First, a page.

Martin Lewis urges consumers to check they aren't paying DOUBLE energy bills after 20 firms go bust01/05/2022
MARTIN Lewis has urged customers to check they aren't paying double for energy bills after being moved to a new supplier.
More than 20 firms have gone bust in recent months but some households are still being charged by their collapsed company as well as being billed by their new provider.
In the latest MoneySavingExpert newsletter, Martin told readers how to deal with paying twice for their energy bills.
Energy regulator Ofgem told consumers not to cancel their direct debits when their firm collapsed as they would be automatically switched to a new supplier.
But some households have faced glitches in the switching process, meaning they're paying double for their gas and electricity costs.
The Sun previously reported that customers of failed firms were having payments taken by both their old and new suppliers.
Former customers of People's Energy, which collapsed in September and was taken over by British Gas, were still seeing money paid to the old provider more than two months later.
In another example, EonNext took over Igloo's 179,000 customers when it collapsed in October.
Most read in Money
Four-bed Victorian house would make idyllic family home – but there's a catch
Cadbury has hidden chocolate eggs across the UK – you could win up to £10,000
Urgent Costa Coffee warning as fan favourites come with health risk
Incredible 5-bed townhouse boasts sea views – and TWO hidden secrets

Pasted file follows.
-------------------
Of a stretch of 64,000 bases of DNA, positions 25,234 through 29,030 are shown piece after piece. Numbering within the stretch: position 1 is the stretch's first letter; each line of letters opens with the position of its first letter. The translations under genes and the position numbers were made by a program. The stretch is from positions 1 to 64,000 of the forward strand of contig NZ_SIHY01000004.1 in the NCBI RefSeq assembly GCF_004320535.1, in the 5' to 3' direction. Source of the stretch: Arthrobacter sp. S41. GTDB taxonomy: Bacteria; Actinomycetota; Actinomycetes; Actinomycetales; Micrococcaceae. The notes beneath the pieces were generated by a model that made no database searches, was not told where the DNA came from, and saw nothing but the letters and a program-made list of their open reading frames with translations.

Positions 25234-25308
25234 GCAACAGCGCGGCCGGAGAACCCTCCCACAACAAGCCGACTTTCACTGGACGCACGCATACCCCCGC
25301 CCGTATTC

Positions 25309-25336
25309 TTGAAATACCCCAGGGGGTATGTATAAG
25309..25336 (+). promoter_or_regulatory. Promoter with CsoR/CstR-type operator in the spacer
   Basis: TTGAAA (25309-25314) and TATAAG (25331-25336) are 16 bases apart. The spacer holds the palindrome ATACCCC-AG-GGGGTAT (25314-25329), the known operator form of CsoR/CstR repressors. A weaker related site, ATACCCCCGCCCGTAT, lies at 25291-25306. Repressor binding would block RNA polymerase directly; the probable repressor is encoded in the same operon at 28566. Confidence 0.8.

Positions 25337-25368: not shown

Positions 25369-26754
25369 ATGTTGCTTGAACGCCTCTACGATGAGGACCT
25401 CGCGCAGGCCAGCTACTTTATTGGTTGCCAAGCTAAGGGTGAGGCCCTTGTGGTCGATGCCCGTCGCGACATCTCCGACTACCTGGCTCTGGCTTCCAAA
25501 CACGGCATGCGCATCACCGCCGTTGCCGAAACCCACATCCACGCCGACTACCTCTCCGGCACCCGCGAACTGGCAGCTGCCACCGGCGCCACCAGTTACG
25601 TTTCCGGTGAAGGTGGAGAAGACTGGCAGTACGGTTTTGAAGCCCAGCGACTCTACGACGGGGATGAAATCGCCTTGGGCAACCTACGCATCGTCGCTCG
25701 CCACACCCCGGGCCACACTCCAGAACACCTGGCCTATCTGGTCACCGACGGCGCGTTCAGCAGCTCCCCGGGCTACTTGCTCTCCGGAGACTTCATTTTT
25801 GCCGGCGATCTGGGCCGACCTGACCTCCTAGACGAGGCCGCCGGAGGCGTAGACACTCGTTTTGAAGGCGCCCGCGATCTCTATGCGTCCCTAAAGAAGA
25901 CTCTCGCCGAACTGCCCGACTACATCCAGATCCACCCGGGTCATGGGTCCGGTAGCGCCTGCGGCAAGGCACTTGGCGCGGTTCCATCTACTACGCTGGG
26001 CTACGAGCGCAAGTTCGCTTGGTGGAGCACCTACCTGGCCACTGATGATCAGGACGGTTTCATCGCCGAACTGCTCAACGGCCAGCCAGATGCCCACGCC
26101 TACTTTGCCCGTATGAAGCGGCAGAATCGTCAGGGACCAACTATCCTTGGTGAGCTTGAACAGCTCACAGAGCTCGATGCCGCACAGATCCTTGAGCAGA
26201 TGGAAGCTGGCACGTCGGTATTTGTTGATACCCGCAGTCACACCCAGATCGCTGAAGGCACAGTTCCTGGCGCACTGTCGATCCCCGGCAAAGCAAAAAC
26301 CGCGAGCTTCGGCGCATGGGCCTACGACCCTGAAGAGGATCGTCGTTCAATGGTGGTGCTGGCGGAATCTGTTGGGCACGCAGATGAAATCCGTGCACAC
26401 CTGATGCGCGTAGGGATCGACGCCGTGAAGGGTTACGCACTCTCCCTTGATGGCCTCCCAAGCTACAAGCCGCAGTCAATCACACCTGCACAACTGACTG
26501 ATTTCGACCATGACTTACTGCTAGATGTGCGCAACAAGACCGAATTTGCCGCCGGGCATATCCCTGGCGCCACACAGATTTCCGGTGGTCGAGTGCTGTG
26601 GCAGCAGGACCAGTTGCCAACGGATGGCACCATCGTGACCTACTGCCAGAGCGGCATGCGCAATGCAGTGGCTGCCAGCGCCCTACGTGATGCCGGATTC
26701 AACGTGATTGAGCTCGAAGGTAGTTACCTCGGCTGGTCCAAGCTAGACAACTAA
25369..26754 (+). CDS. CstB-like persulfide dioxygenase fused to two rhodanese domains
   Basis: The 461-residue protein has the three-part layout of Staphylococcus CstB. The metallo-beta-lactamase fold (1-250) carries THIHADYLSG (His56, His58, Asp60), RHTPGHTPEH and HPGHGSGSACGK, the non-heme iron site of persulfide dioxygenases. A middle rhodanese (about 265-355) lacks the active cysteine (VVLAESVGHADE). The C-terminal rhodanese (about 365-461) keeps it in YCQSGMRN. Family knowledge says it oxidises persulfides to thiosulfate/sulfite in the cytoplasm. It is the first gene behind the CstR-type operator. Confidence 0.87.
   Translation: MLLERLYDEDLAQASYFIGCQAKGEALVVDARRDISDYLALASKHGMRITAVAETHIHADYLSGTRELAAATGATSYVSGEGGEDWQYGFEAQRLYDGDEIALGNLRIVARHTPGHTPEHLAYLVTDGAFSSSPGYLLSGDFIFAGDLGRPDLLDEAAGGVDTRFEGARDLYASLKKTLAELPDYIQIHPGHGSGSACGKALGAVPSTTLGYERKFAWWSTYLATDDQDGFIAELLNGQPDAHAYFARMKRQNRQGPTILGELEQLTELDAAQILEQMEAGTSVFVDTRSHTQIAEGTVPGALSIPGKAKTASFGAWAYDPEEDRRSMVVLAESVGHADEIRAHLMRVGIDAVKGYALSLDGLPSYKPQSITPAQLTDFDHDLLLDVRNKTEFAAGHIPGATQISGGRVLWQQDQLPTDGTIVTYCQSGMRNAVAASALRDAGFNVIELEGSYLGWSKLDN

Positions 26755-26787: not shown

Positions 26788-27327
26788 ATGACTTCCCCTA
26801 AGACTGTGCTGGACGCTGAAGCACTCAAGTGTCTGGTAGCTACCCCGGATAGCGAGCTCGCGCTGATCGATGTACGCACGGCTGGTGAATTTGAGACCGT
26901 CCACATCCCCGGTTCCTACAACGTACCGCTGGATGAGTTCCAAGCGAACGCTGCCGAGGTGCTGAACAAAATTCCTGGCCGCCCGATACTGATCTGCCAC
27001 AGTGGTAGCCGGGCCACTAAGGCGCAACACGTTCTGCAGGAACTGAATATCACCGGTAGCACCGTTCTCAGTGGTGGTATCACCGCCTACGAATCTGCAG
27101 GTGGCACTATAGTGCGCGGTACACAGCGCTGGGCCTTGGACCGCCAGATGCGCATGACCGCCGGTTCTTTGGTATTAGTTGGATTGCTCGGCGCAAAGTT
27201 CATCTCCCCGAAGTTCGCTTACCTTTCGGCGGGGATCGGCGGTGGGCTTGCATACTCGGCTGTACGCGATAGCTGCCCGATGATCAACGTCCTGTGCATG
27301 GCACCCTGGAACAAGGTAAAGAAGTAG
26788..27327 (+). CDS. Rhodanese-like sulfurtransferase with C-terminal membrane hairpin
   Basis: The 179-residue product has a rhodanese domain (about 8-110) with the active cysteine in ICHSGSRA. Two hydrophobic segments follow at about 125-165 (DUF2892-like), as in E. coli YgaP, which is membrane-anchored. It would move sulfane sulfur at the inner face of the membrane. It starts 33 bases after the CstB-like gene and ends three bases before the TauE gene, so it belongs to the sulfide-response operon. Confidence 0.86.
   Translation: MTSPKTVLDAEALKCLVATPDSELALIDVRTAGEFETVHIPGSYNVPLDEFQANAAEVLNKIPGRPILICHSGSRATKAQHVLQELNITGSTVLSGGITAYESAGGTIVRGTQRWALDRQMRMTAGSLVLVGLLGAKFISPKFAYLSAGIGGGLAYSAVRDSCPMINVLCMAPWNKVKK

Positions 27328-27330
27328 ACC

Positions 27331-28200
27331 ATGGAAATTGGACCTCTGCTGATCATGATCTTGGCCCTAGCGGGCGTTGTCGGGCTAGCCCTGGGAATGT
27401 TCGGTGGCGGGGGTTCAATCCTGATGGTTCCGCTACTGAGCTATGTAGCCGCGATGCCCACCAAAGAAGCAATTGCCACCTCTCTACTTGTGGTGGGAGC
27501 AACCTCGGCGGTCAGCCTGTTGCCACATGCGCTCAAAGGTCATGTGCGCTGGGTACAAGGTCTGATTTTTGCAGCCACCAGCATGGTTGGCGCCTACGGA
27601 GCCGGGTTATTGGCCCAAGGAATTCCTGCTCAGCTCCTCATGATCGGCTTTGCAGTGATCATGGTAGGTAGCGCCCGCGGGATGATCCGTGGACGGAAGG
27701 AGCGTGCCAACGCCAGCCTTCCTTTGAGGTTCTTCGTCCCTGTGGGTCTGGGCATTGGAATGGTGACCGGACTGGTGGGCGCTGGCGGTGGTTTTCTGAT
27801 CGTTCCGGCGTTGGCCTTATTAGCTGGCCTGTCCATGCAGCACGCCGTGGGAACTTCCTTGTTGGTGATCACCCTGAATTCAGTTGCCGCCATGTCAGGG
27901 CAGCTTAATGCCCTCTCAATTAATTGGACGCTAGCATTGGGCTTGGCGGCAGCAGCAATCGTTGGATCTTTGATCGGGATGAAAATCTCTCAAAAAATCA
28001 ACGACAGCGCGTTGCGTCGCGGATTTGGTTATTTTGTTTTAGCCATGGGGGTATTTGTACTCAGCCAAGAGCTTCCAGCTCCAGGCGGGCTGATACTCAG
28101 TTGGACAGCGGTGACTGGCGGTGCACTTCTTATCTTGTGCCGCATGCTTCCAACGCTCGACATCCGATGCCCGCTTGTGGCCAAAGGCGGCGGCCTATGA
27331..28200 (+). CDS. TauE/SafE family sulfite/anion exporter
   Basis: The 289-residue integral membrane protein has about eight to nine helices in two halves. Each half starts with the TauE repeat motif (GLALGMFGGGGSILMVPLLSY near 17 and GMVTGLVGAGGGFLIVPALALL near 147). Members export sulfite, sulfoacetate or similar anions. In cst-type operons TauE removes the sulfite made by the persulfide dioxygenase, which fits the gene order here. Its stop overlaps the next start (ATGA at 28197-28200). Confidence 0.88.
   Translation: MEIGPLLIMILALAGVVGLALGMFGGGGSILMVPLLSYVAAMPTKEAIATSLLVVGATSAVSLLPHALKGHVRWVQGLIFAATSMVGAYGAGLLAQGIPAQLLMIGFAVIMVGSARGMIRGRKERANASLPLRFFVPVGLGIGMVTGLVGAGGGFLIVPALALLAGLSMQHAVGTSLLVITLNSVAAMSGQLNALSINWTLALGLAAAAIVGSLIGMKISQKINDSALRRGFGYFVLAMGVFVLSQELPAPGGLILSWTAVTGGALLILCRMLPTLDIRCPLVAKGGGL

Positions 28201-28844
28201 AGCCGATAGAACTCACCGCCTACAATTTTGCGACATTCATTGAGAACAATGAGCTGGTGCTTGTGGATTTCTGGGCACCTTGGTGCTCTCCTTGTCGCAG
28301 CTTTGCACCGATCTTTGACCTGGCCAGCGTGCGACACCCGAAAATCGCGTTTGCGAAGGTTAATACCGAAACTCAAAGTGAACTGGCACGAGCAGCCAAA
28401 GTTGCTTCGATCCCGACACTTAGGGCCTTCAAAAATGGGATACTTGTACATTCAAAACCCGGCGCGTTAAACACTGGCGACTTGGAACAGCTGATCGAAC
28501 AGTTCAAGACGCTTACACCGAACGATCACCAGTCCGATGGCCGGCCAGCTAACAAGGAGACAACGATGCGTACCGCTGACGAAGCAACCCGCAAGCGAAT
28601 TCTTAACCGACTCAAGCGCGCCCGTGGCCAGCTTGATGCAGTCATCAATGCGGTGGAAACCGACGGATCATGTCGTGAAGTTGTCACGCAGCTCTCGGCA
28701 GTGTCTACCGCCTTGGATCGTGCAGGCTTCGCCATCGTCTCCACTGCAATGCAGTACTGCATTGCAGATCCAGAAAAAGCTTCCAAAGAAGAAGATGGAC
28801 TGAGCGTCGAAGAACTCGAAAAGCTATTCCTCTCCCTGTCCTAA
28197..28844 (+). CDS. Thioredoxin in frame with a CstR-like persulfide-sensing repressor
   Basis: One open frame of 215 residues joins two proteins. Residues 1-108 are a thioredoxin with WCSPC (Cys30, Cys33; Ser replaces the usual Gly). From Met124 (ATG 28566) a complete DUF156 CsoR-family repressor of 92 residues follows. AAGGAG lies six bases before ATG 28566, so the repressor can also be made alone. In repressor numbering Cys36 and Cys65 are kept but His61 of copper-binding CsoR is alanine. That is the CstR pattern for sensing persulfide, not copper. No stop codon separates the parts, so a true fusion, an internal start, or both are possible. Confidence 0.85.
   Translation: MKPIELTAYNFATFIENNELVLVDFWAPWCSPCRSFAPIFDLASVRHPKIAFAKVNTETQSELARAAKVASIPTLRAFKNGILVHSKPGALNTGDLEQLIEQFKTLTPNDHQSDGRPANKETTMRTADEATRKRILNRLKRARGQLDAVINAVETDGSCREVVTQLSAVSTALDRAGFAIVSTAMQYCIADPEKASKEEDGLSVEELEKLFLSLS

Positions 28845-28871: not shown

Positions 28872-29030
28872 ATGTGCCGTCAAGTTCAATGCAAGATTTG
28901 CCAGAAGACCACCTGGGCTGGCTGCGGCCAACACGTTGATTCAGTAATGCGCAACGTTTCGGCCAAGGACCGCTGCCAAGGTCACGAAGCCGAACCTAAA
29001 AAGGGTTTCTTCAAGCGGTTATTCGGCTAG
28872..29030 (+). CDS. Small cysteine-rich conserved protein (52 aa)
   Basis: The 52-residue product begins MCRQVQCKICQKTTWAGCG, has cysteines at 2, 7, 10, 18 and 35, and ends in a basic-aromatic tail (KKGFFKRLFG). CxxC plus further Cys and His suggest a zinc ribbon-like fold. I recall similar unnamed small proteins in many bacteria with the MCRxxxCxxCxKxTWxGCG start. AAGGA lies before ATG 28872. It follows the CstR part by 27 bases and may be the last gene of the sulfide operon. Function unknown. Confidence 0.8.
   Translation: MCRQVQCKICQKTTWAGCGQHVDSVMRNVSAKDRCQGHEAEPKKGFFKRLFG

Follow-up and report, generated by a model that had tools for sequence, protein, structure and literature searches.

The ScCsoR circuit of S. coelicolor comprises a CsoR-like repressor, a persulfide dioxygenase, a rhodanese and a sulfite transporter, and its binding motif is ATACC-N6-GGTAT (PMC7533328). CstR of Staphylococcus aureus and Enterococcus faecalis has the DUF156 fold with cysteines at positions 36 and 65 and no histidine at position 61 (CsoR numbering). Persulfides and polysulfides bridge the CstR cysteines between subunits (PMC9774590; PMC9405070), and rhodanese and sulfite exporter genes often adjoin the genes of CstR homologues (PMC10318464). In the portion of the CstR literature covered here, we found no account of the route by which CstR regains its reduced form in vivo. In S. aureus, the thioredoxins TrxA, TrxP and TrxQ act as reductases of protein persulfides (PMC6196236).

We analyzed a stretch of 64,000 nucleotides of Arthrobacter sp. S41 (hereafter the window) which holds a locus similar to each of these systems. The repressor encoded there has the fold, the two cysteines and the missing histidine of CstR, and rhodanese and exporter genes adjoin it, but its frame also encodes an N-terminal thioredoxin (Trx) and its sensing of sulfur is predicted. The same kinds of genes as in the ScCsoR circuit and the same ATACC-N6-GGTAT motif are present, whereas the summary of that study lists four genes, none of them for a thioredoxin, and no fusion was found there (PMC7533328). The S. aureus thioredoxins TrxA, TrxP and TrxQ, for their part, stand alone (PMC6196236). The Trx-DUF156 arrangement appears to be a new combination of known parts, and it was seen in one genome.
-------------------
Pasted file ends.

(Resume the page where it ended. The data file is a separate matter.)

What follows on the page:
But users reported payments being taken by the old provider at the end of November.
We explain what to do if you've been charged twice for your gas and electricity bills.
How can I check if I'm affected?
The easiest way to check whether you're being charged twice is to have a look at your bank statements.
Get out your records for the last few months and look to see whether you've been charged by your old supplier as well as the new one.
What should I do if I'm being charged twice?
MoneySavingExpert says you should cancel the direct debit to the old firm straight away.
If you've built up credit with your old supplier it will be moved across to your new account.
You should let your new supplier know that you've paid double so they can arrange a refund or add credit to your account.
But this option could be slow, taking weeks or months, so isn't that useful for customers who need their money back straight away.
If you're struggling and you urgently need a refund, MoneySavingExpert recommended giving the Direct Debit guarantee scheme a go.
You can contact your bank and ask them to reverse the overpayment under the scheme, which is designed to refund direct debit errors quickly.
We pay for your stories!
Do you have a story for The Sun Money team?
Email us at [email protected]
Source: Read Full Article